Potential Benefits
Investigation is underway in regard to the anti-viral and anti-HW properties found with invitro studies of Spirulina extracts. Many in vitro and in vivo studies demonstrate even small amounts or Spirulina stimulate immune system functions, especially those mediated by macrophages. It accelerates immune system competence in young animals. Data also suggests there is synergy between Spirulina and Vitamin C. Spirulina may serve to extend Vitamin C in vivo. Other studies show Spirulina may have potential as a therapy for some kinds of cancers. In China it is used in hospitals to lower blood lipids, reduce fatigue and increase levels of IgG, IgA and IgM. It may have anti-radiation therapy potentiaL Recent work done in Macedonia reports hematological benefits for athletes in intensive training. Other studies show Spirulina may help with liver and kidney detoxification. Animals experimentally fed Spirulina were afforded significant protection from the effects of high doses of dioxin, gentamicin, cisplatin and organic mercury. Since Spirulina has a prokaryotic type of cell structure the cell wall components affect the immune system of man and animals. The thin cell wall is made of polysaccharides and muramyl peptides. Spirulina polysaccharides have both anti-oxidant and immune system stimulating properties. These polysaccharides are linked within the cell wall to muramyl peptides. Muramyl peptides are thought to be essential to humans and animals for good health. They help maintain the immune system in a state of optimal readiness and provide benefits for the central nervous system by stimulating metabolism while enhancing slow-wave sleep and may affect organ development. Chinese scientists have documented the afore mentioned phycocyanin as stimulating hematopoiesis, emulating the hormone erythropoetin. This is a potentially valuable therapy for persons suffering from certain forms of anemia or bone marrow damage.

Spirulina's cell wall contains no cellulose and is made of mucopolysaccharides. The cell wall is easily digested in the human gut. Most striking nutritionally is the high amino acid content, about sixty-two percent, and very high carotenoid pigment content, about 4 mg/gram. The carotenoids consist of about ten different kinds, mainly beta-carotene, zeaxanthin and myxoxanthophyll with small amounts of lutein and several others. Vitamin A activity is about 2,300 LU per gram. Spirulina derives its intense dark blue-green color from a mixture of pigments in addition to carotenoids. Green chlorophyll makes up about one percent while the briffiant hyacinth blue phycocyanins are at about a whopping fourteen percent. Phycocyanins are peptides, which may have health benefits. This alga contains only about seven percent fat and twenty percent of the fat is GLA, gamma-linolenic acid. GLA may have inflammation modulating properties and is itself a popular dietary supplement. Spirulina is usually a good source of iron, containing about one-mg per gram. This makes it an attractive supplement for women or athletes. It also may contain appreciable amounts of zinc, B- 12, riboflavin and thiamin.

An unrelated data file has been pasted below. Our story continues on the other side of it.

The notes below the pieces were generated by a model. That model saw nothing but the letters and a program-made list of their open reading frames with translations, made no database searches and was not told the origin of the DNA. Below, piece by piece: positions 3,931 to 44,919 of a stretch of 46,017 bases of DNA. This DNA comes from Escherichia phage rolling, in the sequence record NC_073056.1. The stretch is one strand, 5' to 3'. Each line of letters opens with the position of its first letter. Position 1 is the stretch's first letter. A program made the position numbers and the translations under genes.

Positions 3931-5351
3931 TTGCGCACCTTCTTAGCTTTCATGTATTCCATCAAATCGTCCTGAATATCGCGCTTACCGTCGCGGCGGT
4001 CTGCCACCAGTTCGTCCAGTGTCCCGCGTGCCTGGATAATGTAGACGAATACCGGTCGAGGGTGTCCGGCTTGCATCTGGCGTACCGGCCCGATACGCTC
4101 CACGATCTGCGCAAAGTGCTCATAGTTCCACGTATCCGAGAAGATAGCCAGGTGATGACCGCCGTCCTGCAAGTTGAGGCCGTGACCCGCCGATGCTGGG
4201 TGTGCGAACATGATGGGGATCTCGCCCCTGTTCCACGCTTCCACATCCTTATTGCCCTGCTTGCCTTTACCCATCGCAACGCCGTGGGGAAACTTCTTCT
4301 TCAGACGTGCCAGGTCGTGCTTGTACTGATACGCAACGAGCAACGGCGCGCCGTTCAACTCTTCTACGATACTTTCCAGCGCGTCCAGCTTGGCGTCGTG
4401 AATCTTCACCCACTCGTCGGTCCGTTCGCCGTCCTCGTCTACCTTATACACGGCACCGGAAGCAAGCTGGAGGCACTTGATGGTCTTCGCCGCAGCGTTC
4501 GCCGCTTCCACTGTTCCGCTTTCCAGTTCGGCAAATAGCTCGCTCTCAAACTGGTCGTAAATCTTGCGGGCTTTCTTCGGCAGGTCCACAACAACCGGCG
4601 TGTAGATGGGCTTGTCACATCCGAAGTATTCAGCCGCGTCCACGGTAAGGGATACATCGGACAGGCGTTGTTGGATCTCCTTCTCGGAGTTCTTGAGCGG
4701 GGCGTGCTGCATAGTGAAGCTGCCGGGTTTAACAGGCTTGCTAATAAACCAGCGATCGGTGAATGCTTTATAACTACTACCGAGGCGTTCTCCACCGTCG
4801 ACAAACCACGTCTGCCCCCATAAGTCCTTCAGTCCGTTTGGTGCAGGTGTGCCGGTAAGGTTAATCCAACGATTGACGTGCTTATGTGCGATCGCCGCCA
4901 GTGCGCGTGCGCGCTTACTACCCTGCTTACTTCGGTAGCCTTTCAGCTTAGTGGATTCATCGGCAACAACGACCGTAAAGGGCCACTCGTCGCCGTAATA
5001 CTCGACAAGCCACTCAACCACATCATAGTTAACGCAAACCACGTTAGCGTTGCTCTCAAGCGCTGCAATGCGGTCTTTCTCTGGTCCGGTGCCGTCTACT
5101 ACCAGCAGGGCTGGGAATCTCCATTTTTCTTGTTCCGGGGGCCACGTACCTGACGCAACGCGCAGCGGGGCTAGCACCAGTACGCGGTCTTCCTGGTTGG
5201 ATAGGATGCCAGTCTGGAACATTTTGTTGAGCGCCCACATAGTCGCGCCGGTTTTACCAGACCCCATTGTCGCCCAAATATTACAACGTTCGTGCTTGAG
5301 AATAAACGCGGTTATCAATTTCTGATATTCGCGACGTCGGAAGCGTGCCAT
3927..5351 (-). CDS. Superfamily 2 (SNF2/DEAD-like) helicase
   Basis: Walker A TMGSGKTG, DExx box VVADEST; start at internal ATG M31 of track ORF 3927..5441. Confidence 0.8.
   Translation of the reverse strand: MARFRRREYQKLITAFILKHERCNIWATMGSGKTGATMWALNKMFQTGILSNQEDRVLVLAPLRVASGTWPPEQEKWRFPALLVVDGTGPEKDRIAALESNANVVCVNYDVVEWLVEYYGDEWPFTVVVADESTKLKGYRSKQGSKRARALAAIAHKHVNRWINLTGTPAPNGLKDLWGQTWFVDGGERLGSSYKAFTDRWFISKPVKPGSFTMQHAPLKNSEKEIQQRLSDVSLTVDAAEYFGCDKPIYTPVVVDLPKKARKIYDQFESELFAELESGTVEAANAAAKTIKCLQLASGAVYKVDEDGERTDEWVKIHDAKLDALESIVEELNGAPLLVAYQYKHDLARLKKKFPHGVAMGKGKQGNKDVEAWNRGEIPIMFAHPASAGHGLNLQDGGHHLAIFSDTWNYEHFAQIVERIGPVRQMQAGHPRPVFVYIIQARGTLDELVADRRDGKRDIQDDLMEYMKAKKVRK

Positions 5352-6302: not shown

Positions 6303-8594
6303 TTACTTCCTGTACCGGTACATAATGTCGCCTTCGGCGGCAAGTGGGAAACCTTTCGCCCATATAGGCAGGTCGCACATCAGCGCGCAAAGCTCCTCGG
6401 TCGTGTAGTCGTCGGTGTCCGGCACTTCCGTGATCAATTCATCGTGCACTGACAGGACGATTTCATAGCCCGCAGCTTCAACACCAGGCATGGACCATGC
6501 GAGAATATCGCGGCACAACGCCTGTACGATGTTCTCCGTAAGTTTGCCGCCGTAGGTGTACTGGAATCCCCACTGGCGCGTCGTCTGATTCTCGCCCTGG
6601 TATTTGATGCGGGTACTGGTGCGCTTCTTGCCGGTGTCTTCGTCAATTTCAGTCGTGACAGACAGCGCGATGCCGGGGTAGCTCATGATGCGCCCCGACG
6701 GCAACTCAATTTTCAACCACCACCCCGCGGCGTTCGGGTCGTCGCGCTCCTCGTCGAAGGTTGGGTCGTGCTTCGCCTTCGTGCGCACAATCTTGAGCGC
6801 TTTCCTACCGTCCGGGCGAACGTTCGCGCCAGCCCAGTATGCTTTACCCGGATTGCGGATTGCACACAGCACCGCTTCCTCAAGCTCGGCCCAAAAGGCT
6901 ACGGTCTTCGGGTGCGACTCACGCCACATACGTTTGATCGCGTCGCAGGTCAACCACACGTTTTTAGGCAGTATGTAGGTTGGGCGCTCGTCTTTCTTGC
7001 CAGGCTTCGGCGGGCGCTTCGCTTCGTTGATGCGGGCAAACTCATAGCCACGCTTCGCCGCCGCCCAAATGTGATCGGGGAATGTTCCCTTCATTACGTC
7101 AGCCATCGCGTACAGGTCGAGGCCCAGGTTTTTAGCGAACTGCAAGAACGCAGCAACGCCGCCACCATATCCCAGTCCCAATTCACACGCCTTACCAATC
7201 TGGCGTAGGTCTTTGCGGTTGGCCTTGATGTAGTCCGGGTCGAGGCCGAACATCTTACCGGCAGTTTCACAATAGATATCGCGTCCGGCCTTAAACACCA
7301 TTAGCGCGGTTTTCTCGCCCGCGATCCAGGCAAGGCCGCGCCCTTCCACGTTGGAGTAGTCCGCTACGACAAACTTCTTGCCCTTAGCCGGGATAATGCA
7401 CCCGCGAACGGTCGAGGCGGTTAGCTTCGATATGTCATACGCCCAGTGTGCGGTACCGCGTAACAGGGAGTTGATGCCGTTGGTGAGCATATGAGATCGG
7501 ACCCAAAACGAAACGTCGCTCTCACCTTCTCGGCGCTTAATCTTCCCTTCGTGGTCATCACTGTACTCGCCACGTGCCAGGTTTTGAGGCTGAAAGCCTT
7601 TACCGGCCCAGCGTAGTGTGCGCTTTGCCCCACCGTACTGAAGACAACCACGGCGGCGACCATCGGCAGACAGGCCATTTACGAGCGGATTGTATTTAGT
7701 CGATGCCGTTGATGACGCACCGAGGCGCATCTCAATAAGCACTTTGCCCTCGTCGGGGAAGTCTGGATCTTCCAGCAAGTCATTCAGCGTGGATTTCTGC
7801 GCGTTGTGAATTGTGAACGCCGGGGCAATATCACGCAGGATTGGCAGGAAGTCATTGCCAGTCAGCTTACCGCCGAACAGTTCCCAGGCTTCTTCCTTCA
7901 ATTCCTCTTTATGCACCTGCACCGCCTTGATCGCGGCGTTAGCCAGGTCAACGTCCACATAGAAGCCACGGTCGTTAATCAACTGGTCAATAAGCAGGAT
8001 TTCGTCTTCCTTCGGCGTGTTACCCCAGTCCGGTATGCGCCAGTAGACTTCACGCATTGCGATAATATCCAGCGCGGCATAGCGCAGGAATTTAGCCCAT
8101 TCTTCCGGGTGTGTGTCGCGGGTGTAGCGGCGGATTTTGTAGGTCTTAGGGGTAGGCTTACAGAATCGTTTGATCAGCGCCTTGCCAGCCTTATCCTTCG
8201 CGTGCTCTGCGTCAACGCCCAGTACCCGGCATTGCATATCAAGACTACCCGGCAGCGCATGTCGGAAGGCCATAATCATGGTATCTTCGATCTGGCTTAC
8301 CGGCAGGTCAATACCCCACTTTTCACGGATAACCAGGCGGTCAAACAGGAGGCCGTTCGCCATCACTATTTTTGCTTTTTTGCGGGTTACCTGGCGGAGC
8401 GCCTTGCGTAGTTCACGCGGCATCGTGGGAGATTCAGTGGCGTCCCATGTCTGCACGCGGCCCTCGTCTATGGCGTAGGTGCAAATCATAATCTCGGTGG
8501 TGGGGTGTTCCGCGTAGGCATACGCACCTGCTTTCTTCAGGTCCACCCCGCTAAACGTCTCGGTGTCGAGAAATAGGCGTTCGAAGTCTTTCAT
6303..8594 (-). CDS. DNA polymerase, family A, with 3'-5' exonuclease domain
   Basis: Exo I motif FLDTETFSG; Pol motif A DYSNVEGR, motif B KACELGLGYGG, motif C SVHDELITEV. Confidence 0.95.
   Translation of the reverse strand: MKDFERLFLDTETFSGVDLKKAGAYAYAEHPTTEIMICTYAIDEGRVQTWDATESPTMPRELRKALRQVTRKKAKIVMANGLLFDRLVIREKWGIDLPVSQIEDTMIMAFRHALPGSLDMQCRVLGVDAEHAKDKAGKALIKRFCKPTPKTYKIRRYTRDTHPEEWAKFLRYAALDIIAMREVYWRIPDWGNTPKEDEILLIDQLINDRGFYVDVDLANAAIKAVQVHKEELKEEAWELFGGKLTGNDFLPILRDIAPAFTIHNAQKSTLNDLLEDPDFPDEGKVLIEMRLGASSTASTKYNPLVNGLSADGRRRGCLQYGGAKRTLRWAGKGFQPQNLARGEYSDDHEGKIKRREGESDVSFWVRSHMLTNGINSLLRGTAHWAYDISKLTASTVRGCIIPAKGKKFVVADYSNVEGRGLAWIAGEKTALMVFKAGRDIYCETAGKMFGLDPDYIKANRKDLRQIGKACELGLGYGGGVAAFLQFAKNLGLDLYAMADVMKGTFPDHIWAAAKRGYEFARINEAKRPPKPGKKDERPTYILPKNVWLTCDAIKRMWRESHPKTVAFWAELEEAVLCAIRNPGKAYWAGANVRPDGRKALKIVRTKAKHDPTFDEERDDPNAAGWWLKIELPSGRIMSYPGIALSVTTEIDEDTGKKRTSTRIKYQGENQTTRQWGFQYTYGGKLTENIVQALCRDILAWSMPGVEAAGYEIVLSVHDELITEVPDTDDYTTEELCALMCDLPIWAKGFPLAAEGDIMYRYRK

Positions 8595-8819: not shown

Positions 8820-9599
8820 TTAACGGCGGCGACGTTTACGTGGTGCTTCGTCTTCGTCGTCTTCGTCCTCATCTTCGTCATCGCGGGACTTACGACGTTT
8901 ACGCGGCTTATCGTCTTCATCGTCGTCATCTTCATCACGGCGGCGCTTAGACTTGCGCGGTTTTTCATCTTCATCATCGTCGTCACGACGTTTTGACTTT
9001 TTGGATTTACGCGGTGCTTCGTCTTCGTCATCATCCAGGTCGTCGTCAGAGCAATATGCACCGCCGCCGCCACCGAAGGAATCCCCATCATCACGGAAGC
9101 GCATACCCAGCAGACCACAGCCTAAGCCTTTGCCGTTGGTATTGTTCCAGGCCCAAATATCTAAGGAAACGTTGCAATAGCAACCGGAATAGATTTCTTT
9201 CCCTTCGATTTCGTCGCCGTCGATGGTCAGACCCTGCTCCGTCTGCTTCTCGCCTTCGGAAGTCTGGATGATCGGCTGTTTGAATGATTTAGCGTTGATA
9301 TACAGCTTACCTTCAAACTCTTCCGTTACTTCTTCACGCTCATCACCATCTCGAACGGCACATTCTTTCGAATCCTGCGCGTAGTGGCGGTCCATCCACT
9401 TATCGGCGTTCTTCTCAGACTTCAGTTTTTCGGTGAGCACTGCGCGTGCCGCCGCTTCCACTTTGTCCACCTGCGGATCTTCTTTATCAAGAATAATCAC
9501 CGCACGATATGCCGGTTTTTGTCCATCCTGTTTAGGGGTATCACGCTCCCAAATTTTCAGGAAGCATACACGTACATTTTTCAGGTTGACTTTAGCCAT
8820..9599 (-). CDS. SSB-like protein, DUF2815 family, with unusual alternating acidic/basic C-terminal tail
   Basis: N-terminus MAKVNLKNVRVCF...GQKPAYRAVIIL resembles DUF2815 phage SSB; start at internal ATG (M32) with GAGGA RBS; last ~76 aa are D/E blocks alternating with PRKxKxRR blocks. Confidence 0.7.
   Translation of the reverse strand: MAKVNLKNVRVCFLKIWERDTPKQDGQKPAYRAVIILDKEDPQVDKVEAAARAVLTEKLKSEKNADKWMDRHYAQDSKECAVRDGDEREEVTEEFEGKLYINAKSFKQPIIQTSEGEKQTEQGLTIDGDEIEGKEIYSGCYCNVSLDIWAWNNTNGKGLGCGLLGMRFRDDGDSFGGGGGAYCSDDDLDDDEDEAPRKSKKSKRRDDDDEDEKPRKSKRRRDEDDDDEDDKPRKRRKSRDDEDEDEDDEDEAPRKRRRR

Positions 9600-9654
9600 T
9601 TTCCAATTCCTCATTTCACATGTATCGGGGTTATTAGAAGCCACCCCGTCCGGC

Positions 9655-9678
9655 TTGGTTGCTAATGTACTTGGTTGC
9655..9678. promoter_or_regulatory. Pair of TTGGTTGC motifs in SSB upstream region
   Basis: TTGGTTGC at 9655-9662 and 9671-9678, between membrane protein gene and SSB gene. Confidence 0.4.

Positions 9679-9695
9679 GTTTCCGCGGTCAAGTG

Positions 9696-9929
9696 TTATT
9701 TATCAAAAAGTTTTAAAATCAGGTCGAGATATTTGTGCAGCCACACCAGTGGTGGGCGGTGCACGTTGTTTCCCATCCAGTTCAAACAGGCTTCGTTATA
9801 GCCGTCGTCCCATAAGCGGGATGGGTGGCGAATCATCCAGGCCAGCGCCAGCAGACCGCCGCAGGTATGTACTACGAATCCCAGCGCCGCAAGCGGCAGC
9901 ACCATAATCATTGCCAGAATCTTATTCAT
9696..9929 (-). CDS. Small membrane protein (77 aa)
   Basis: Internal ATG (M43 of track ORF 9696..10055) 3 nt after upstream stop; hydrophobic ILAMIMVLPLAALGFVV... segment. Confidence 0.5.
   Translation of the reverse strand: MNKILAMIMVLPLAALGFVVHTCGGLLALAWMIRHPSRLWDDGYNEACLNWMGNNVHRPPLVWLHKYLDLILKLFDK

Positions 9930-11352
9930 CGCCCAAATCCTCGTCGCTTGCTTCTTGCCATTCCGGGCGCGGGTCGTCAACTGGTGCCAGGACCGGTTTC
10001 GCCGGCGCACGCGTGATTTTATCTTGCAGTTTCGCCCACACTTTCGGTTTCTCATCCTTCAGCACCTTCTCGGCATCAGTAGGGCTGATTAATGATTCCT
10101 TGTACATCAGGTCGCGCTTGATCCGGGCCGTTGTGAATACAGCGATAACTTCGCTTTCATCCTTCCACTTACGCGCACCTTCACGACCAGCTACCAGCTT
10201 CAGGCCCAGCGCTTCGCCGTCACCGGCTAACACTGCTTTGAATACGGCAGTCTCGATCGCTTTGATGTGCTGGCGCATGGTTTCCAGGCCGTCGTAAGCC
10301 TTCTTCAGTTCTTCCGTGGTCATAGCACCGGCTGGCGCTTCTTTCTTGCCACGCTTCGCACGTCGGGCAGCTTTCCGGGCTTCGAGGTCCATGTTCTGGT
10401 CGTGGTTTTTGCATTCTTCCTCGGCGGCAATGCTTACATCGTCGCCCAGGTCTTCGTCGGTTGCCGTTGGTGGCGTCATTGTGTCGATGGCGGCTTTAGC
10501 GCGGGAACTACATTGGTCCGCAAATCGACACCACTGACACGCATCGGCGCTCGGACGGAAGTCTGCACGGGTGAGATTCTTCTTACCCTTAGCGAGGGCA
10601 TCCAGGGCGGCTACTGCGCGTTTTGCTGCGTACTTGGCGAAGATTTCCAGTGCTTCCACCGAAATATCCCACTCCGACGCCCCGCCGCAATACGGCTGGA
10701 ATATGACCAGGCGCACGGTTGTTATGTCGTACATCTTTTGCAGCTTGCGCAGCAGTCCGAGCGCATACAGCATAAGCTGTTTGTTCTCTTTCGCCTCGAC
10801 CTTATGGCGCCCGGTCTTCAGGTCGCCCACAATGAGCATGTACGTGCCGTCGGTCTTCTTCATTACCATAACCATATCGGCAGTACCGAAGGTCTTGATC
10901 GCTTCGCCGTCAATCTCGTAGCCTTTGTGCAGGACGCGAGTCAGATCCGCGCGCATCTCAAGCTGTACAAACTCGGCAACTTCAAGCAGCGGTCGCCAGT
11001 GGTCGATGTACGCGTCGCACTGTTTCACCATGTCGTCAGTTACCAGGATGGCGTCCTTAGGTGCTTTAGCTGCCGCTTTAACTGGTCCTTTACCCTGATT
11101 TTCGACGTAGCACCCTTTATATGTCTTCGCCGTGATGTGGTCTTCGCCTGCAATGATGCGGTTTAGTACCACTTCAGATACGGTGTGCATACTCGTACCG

The UN-FAO recognizes Spirulina as a potential weapon against malnutrition for the third world and has sponsored safety studies since the early 1980s. The results show Spirulina is safe and non-toxic. Testing reveals it has a no-adverse-effect level of at least l2gm[kg in mice. No acute or chronic problems, no reproductive toxicity and Spirulina is non-mutagenic.

Quality Assurance
As with mushrooms, care needs to be taken to ensure that the supplier has true Spirulina, not a potentially toxic species that looks similar. Algal toxins, heavy metals are a concern for wild-harvested lake algae. The best suppliers provide algal toxin test results and environmental contaminates like pesticides from agricultural run-off can be a for additional assurance. Visual microscopic examination together with GLA analysis can confirm authenticity. While visual identification of blue-green algae can be difficult, Spirulina is distinguished as the only filamentous blue-green algae with appreciable amounts of GLA fatty acid, (18: 3:6), about one percent by weight. GLA content should be at least 900mg/lOOgm to meet the accepted definition of Spirulina by the NNFA in the United States. Moisture should be less then seven percent. Bacterial or mold contamination are indicators of improper growing conditions, drying or storage. Color should be very dark blue-green. Carotenoid pigments should be at least 350mg/100gm. "Bright" green color indicates oxidized stale product with low carotenoid content.

Sunday, January 01, 2006

Organic Spirulina Benefits

SPIRULINA is a single-celled microorganism that closely resembles a bacterium. Its spiral-shaped filaments are rich in plant pigments such as chlorophyll, phycocyanin and beta-carotene. Spirulina turns the lakes and ponds where it grows a dark-blue green.

Harvesting your own spirulina is not advisable as coastal and aquatic colonies of the algae may be contaminated with industrial waste or sewage. Cultivation of organic spirulina involves locations away from industrial pollution (for example, a remote hamlet), where there is no contamination. There should also be no other agricultural activity in the area (to avoid contamination with pesticides, herbicides and fertilisers).

Spirulina has been used medicinally in China for thousands of years. Organic spirulina has the highest protein content compared to other natural food. Apart from that, it is also an excellent source of iron, calcium, magnesium, and a range of vitamin Bs. Organic spirulina contains the highest amount of chlorophyll, carotenoids and phycocyanin and has virtually no cholesterol. These phyto-nutrients act as natural antioxidants to neutralise free radicals.

Those who can benefit from supplementation with organic spirulina include:

  • Children who don’t eat vegetables and fruits

    Many parents do face problems persuading their kids to eat enough greens and fruits. However, these food groups may not fare very well among the young ones, and nutrient deficiencies may occur.

  • Students who live away from home, and busy working people

    These people may lack certain nutrients as they often skip meals and opt for fast food that are high in calories but not necessarily high in important nutrients. Organic spirulina, which has a good nutrient profile, may help replenish and prevent malnutrition.